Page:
Today, I saw a patch of ice and walked around it; Pepper walked right over it, started to slide, then got a grip. That is amazing. Pepper has been falling on the icy hard-packed snow, and now he is not! Thank you so much!”
ToeGrips are designed for senior dogs who struggle and slip on hard surface floors, not snow and ice, but they are probably worth trying if your older dog struggles also struggles to walk on slick surfaces outdoors.
Stiffening of arthritic joints
In addition to injuries, arthritic joints become more stiff and painful in cold weather. Making a concerted effort to intentionally protect your senior dog from the cold will translate into a more comfortable winter for your dog.
Higher risk of IVDD
Research has shown that there is also a greater incidence of IVVD (intervertebral disc disease) in cold weather.
Lastly, frigid temperatures can cause frostbite on your dog’s ears, tail, and paw pads. The next question in our Q&A addresses what you can do to protect your dog’s paws in the snow.
5. How can I protect my dog’s paws from frostbite in the snow?
Though frostbite can occur on a dog’s paws, it’s pretty rare. More often than not, dogs are able to play in the snow for a reasonable amount of time without suffering any ill effects.
How is this possible? The secret lies in the makeup of your dog’s paws — specifically, the thick fat paw pads which are considerably more “freeze resistant” than his other body tissue. The paw pads also possess a mechanism called the counter-current heat exchange which helps the paw temperature stay within a normal range.
6. What are the best dog boots for cold weather and snow?
I dislike dog boots, and I never recommend them for traction. Dog boots and booties destroy your dog’s ability to “feel” the ground with his paws and disable much of the natural proprioceptive input from the many receptors in his toes.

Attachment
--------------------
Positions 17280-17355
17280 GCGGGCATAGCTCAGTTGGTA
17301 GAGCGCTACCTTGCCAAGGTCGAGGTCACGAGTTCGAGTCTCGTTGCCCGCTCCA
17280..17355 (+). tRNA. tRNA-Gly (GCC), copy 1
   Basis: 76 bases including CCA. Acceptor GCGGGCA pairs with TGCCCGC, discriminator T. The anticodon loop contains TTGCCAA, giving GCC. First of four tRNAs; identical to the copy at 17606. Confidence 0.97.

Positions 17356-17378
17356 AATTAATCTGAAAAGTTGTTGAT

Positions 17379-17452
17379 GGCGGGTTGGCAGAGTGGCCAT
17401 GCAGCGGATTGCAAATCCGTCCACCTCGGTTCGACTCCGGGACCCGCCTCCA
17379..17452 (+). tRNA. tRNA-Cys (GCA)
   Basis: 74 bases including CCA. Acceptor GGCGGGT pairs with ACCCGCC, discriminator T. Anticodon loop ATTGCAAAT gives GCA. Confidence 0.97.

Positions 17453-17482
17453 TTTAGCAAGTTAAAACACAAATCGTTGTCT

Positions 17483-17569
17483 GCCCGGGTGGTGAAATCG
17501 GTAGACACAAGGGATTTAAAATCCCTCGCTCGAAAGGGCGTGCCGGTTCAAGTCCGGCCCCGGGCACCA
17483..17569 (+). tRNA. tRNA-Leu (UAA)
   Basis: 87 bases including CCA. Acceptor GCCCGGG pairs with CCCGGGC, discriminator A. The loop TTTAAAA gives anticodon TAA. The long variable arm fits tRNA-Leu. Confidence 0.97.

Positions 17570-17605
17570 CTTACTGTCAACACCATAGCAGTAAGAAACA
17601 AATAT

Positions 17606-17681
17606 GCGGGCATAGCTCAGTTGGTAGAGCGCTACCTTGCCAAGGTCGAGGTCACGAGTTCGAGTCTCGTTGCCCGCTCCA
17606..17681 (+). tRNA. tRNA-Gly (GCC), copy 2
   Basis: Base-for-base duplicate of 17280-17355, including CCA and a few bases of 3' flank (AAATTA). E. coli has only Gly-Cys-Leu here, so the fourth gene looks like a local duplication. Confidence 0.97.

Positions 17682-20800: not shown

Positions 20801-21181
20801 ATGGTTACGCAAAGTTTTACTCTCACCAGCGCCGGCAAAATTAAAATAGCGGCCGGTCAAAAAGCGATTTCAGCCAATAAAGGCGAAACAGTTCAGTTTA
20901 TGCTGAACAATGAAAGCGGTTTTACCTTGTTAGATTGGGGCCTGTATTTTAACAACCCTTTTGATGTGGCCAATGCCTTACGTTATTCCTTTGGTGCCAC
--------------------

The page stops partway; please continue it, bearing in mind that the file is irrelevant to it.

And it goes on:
However, I will admit that dog boots are the practical solution if you desire to protect the paw pads and lower legs from ice melt, salt, and other harsh chemicals.
Whatever you decide about your dog’s footwear, please take the time to visually and manually inspect your dog’s paws after every outdoor outing. It should just take a moment to run your hand over each paw and feel for ice or snow chunks lodged in his fur.
7. Should I be concerned about antifreeze poisoning?
The short answer is “yes” in flashing neon lights. The long answer involves a memory I’ll never forget. In veterinary school, one of my classmate’s dogs was exposed to antifreeze at the farm where she kept her horse. I don’t remember all the details, but I remember the dog didn’t respond to the treatment for antifreeze poisoning because she’d discovered the truth too late. So she chartered a small plane on a moment’s notice to fly her heart dog to a specialty care facility. She spent tens of thousands of dollars trying to save her dog, and her poor pup passed away anyway. So devastating.
Antifreeze is a sweet-tasting temptation; even a few licks can be fatal. Should your dog ingest antifreeze, it’s a serious veterinary emergency where minutes count.
The active ingredient in antifreeze is called ethylene glycol. It’s absorbed very quickly in the bloodstream where it then travels to the liver and is broken down. This is where the danger lies — the byproduct of that breakdown process shuts down the dog’s kidneys.
There is treatment, but treatment must begin within 8-12 hours after ingestion to be successful. If you suspect your dog has licked or consumed antifreeze, head immediately to your veterinarian or local veterinary ER facility for diagnostic testing and treatment.
Baby, it’s cold outside
Cold temperatures and freezing precipitation can present a variety of threats to your senior dog. But that doesn’t mean you can’t sensibly enjoy the fun things the season brings. Enjoy the coming winter months with your four-legged companion — but as you do, let these cold-weather tips be your guide.
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What do you love about winters with your senior dog?